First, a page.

Lengthy walking distance complaints roll in on Edmonton’s new bus routes, no changes recommended in first update to council

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The City of Edmonton is not recommending changes to the heavily-criticized new bus network after its first update to council nine months after the launch.

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More than 1,800 residents have provided feedback to the city on the route overhaul that launched last April, with the most common concern from 37 per cent of respondents being an increased walking distance to the nearest stop. But in an interim update to be presented to council’s executive committee next Wednesday, the city isn’t recommending any further changes as it continues to analyze the early data.

The transit service did make some scheduling adjustments to existing routes and added a shuttle on Stony Plain Road based on early feedback last year, but these changes weren’t brought forward to council for discussion or approval.

With council gearing up to approve the next four-year budget cycle this fall, Ward Anirniq Coun. Erin Rutherford said Thursday it’s clear adjustments need to be made and she would like to see them done in line with the budget to ensure the funding is there. Rutherford said she’s concerned about the large number of people taking issue with the walking distance and wants to see more accessible service to ensure it doesn’t deter riders from using transit.

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“That’s something that is really on my radar from an accessibility perspective, from an increasing ridership perspective and I want to see more answers before 2023. I think there’s more changes that we need to make sooner rather than later,” she said in an interview with Postmedia. “I do worry that the distance people have to walk to stops, especially with any kind of mobility issues whatsoever, is making it even less accessible.”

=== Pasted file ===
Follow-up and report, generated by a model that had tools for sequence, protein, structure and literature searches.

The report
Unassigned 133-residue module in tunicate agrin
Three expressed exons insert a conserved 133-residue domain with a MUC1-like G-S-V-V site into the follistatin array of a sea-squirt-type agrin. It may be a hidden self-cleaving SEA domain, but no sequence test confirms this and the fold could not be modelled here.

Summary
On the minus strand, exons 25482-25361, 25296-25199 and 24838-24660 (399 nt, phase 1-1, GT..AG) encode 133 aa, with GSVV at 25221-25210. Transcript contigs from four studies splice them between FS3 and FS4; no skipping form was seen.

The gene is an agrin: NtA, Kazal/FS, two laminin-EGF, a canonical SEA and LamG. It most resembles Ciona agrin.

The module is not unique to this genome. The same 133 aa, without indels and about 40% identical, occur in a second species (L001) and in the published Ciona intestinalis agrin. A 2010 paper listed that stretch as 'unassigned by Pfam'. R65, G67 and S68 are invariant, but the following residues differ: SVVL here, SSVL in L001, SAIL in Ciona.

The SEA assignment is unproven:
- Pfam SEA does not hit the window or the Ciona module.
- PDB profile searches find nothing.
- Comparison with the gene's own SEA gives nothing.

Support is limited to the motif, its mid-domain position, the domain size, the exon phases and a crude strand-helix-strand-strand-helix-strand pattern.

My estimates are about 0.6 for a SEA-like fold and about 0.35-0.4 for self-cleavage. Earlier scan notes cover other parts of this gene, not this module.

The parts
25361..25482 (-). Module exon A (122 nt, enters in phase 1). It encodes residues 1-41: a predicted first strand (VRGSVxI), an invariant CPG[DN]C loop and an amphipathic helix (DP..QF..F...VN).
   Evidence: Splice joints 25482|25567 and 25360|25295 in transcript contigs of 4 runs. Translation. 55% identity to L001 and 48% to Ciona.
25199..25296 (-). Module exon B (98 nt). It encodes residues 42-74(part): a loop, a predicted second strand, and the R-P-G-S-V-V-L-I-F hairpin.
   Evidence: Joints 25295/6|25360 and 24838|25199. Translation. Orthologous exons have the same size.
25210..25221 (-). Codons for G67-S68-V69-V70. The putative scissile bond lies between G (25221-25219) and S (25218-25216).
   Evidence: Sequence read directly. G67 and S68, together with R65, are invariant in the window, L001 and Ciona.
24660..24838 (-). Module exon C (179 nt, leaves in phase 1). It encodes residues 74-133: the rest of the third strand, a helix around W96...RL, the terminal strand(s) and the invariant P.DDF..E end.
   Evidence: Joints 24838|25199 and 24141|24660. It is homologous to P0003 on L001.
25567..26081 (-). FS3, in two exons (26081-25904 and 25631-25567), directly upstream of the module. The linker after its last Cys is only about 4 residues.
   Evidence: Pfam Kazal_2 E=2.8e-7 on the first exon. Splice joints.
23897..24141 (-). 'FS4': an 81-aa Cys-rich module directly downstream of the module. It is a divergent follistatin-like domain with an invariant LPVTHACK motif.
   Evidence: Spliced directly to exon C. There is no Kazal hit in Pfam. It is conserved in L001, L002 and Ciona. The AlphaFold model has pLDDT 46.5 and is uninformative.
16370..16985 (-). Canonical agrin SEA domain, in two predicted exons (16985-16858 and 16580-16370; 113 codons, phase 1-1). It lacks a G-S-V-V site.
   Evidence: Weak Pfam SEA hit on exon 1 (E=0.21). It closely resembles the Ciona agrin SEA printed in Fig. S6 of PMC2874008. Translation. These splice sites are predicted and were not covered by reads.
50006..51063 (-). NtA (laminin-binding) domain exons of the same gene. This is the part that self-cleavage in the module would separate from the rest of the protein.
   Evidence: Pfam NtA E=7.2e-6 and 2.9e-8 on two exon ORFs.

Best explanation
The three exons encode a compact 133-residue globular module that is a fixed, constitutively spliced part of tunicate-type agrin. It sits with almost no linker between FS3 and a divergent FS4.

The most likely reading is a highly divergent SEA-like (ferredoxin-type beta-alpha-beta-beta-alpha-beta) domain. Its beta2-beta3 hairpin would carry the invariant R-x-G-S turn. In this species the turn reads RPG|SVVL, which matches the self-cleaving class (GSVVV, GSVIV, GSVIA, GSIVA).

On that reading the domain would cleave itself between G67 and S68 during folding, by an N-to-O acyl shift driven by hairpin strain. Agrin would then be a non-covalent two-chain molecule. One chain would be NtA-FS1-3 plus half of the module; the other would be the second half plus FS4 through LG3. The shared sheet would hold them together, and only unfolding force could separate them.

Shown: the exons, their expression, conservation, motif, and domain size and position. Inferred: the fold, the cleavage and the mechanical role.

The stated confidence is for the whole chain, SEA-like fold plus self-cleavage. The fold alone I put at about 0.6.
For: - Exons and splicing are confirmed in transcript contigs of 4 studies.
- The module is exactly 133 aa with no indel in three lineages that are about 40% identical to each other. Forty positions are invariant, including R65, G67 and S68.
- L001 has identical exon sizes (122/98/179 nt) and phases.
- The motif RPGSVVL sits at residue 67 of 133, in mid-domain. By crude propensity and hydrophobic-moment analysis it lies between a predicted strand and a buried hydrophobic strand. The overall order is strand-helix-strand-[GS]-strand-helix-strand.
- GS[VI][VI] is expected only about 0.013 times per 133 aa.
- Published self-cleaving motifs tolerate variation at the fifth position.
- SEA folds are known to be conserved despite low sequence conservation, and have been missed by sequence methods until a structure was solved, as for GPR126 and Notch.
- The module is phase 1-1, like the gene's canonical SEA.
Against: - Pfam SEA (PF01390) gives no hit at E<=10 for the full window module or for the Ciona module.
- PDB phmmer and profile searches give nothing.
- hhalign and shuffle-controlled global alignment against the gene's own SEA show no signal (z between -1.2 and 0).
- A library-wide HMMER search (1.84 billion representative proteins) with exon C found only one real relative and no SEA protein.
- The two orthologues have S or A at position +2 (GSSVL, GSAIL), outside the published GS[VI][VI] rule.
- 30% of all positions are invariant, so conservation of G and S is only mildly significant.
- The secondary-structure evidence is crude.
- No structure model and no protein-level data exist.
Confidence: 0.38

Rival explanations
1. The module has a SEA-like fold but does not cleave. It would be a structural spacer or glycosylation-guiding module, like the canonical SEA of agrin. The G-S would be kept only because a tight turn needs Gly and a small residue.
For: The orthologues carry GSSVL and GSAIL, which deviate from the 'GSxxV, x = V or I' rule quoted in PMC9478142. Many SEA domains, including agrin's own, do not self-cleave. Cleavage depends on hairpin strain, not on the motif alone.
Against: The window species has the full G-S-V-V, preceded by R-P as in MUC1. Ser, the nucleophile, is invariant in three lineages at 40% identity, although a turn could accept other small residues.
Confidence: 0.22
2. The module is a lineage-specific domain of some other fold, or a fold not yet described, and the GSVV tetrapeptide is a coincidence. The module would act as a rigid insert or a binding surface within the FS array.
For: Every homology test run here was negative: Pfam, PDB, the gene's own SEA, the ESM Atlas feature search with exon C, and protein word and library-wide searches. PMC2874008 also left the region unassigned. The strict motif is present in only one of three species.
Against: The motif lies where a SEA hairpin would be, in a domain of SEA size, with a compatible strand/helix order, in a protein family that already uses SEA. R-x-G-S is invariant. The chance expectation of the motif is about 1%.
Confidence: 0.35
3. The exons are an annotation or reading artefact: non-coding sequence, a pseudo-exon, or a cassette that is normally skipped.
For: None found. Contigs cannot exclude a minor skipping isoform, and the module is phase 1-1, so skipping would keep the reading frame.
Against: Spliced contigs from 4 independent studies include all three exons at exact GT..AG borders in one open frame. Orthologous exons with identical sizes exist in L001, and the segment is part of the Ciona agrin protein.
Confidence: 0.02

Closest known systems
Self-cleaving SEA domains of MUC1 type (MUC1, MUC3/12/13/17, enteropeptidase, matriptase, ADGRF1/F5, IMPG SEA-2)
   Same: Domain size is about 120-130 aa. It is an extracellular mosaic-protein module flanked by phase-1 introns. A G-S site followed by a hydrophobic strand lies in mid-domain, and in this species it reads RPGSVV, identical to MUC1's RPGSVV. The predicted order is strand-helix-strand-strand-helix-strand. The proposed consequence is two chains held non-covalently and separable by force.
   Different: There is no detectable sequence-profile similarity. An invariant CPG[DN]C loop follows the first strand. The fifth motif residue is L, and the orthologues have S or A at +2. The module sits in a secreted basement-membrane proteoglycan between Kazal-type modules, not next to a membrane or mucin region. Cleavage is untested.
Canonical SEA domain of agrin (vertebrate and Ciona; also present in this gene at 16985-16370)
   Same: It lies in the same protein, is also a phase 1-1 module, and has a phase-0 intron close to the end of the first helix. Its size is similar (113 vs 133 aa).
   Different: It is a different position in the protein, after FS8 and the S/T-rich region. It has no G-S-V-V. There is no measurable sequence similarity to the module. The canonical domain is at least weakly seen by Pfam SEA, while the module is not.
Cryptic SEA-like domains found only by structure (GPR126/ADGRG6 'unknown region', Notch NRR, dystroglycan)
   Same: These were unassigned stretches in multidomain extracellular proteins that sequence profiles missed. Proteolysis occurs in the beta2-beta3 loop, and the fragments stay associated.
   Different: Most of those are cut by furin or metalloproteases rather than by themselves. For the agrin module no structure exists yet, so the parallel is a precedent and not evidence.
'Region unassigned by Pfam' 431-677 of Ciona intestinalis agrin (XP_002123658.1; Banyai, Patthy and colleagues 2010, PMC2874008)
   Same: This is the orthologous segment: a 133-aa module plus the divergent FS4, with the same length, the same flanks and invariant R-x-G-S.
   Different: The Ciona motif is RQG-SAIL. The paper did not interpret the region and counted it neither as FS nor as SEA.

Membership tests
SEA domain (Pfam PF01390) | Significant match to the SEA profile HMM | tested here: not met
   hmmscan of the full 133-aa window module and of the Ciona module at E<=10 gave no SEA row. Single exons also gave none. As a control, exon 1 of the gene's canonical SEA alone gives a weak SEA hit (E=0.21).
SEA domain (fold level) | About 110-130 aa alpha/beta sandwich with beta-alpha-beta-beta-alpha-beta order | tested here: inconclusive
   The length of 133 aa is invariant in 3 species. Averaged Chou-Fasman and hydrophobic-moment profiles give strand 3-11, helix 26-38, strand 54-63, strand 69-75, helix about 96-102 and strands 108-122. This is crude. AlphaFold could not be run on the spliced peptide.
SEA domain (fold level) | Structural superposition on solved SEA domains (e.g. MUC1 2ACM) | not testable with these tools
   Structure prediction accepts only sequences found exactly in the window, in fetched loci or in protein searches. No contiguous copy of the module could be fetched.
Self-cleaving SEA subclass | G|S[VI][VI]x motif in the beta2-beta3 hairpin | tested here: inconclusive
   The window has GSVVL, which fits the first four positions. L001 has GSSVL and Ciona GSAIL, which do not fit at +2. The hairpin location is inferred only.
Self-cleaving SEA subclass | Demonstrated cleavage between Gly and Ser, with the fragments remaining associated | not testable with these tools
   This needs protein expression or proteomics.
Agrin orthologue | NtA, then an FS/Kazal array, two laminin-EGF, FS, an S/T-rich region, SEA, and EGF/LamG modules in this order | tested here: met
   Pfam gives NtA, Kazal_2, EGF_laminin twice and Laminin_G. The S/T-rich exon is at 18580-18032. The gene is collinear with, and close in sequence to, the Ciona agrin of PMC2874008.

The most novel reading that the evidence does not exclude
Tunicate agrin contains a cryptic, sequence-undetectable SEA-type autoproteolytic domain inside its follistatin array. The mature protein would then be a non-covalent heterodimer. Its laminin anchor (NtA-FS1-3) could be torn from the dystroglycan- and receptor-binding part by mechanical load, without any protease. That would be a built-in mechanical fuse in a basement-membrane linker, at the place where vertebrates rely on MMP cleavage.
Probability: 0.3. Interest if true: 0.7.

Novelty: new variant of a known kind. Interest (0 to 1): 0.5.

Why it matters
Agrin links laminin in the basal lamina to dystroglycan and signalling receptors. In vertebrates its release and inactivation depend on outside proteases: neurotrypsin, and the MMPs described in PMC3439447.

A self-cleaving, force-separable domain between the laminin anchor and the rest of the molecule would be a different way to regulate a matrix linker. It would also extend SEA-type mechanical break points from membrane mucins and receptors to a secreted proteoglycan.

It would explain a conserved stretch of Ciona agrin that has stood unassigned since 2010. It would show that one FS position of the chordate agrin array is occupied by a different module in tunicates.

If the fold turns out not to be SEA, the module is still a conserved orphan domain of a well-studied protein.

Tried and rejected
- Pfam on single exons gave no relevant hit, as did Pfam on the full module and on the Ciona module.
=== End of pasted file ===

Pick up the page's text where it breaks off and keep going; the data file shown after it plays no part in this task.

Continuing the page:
Ward Anirniq City Councillor Erin Rutherford.
Ward Anirniq City Councillor Erin Rutherford. Photo by David Bloom /Postmedia, file

One way to improve proximity to residents is through additional on-demand transit, Rutherford said, which doesn’t exist in any neighbourhoods in the ward she represents even though transit options are slim the further north you go. On-demand transit is available in more than 35 neighbourhoods across the city that have residences at least 600 metres from the nearest bus stop and a sufficient population to support the service.

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In the update, Edmonton’s transit service said on-demand ridership has risen steadily since the launch and is currently averaging about 6,000 rides per week. A full review of the two-year pilot program will be presented to council in the fall.

An equity analysis of the city’s new bus network will be conducted this year with a plan to inform potential changes in 2023, but Rutherford said she wants to see that plan expedited so adjustments can be made sooner.

Edmonton Transit Service Advisory Board chairwoman Lindsay Vanstone said she’s heard mixed feedback about the new routes and thinks the city needs to make adjustments in response to concerns to ensure riders are listened to.

“When an on-demand bus isn’t available during the late nights or early hours, especially on weekends, it can leave people who rely on that system stranded sometimes and that can start to diminish trust with ETS. So I really hope that trust and reliability of the service is something that can continue to be worked on,” she said.

Although transit ridership remains low compared to pre-pandemic levels, bus boarding levels are currently at the highest level since March 2020 and were showing a gradual increase before the rise of the Omicron variant.



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